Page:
- I was approached by both Rachel’s organic and Morphy Richards to do reviews of their products. I said no because I didn’t think it would be something I could write about. They said we’ll send it to you anyway. As a gift. I wrote about them.
- Build a relationship. I was asked to review a Lego set quite a while back and the PR remembered me and pitched to me again. Lego is something I am happy to write about all the live long day because my kids adore it. So I asked them if they would like to take it one step further and sponsor me for next year’s Cybermummy. They said yes.
- I have been so very lucky to have been offered family holidays to Portaventura in Spain, Eurocamp in France and Disneyland Paris. They key here is ‘family holiday’. I also went to Lapland to see Santa but the offer was for one adult and one child. I have 2 children. Bad bad bad. I asked if I could pay for the other child and they said yes, but they really should have offered this from the get go.
- Another thing bloggers want, parenting bloggers especially, is the opportunity to meet up with each other so any pitch which means they get to hang out together (especially if their travel is paid for) is going to be a winner. Innocent and Yeo Valley have both done this successfully recently. And when an email plops into your inbox saying ‘would you like to go to the Seaworld parks in Florida with 5 other bloggers’ you snap their hand right off!
- Don’t invite me to to a children-themed event on a school day. Or even worse, don’t say ‘no children allowed this time’.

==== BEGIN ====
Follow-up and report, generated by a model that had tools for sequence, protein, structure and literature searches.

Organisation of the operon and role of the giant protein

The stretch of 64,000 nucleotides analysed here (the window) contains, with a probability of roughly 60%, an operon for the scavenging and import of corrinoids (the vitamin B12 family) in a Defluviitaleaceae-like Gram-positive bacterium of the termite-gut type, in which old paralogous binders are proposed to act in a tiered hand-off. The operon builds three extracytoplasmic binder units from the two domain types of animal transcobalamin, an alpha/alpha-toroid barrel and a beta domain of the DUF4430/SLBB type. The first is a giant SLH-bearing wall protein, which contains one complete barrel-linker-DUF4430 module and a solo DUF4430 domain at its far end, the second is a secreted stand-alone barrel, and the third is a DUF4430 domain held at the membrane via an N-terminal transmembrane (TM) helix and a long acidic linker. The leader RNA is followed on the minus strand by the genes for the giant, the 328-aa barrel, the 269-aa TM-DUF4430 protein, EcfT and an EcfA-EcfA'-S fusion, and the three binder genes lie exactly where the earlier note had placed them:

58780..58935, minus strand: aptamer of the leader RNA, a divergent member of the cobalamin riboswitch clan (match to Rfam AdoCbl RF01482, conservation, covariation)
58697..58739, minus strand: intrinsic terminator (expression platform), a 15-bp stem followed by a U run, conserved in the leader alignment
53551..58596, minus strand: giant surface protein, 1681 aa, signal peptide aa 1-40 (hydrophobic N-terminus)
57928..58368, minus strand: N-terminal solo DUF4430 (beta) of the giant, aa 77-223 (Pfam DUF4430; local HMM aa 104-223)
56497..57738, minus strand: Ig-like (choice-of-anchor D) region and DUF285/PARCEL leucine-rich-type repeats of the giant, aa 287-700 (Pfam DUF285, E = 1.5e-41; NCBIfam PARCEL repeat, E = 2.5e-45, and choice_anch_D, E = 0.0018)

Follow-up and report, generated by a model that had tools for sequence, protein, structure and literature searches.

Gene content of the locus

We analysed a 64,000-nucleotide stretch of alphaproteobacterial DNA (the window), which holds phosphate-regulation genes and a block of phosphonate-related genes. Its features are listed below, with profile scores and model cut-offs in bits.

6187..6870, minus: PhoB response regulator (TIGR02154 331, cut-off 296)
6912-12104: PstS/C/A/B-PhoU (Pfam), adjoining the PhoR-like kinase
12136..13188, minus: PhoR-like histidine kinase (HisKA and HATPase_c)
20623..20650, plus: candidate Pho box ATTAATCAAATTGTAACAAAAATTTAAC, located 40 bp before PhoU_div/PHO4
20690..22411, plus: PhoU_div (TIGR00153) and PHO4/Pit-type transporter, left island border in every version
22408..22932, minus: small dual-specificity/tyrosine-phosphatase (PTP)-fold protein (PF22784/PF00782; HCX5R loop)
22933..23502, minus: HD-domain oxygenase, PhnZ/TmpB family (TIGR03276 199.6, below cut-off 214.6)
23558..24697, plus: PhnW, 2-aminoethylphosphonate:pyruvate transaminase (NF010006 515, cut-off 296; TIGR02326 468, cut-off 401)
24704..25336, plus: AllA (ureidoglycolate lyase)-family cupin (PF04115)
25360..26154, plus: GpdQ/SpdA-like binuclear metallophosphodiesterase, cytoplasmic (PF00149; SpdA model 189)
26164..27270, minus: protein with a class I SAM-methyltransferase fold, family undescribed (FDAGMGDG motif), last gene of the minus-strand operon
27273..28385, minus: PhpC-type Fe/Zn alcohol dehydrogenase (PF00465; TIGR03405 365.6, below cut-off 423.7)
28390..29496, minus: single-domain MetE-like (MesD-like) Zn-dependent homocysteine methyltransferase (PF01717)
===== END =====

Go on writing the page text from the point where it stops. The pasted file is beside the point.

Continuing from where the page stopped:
- ”I wondered if your readers would be interested in reading our press release?” Pretty much always no. Unless you’ve really targeted it to me and I can see something I would like to write about in the context of my blog, but I’m not a newspaper or a magazine and no I don’t want your ‘free content’.
- A pitch with the subject line “love your blog” which then goes on to say ‘Dear blogger/Elaine/Bob’ is not going to win me over. Blogging is personal and relationships matter so take the time to at least get to know our name. Then go a step further and actually invest some time in finding out a detail or two: Not only will it please us it will help immensely with your pitch too.
- A pitch for maternity wear/nappies/baby products/pre-school TV show. I have 2 school age children and it’s very presumptuous of you to think I’m having another. Bin bin bin bin bin. And you’ve made me cross.
- Don’t pitch the same thing to 20-odd other parenting bloggers. We talk, we know you’ve sent the exact same email to 25 people in the hope that 5 take it up. Doesn’t make us feel special at all. If you are pitching to a lot of people, tell us. We’ll respect you a lot more for it.
- DO NOT start your pitch with ‘hey there mummy blogger’. Binned. Yes I’m a mother and yes I blog but I for one don’t like the label and writing mummy blogger in every paragraph of a pitch just makes my heart sink and certainly doesn’t make your product any more relevant to me.
- Any PR asking for free advertising. “Can you tell your readers about this”. “Can you link to our site where we sell this”. If you want me to try it out and write about it send me the product and then I’ll think about doing those things, but I’m not about to recommend a product I’ve never tried.
- No I can’t ‘pop’ to London for a 2 hour event. I live in the Midlands, I have school-aged children and I work (as clearly stated in my ‘about me’ page).
It’s not really rocket science: we respect our readers so you should too, we’re parenting bloggers so our time is precious and if you want to tap into our community and use our powerful voice, you need to work for it.
Many bloggers are flooded with pitches at the moment – you need to make yours stand out from the crowd.
And just to underline the point there is this hilarious post from Wife in the North: Don’t Hesitate To Get In Touch.
What works for you?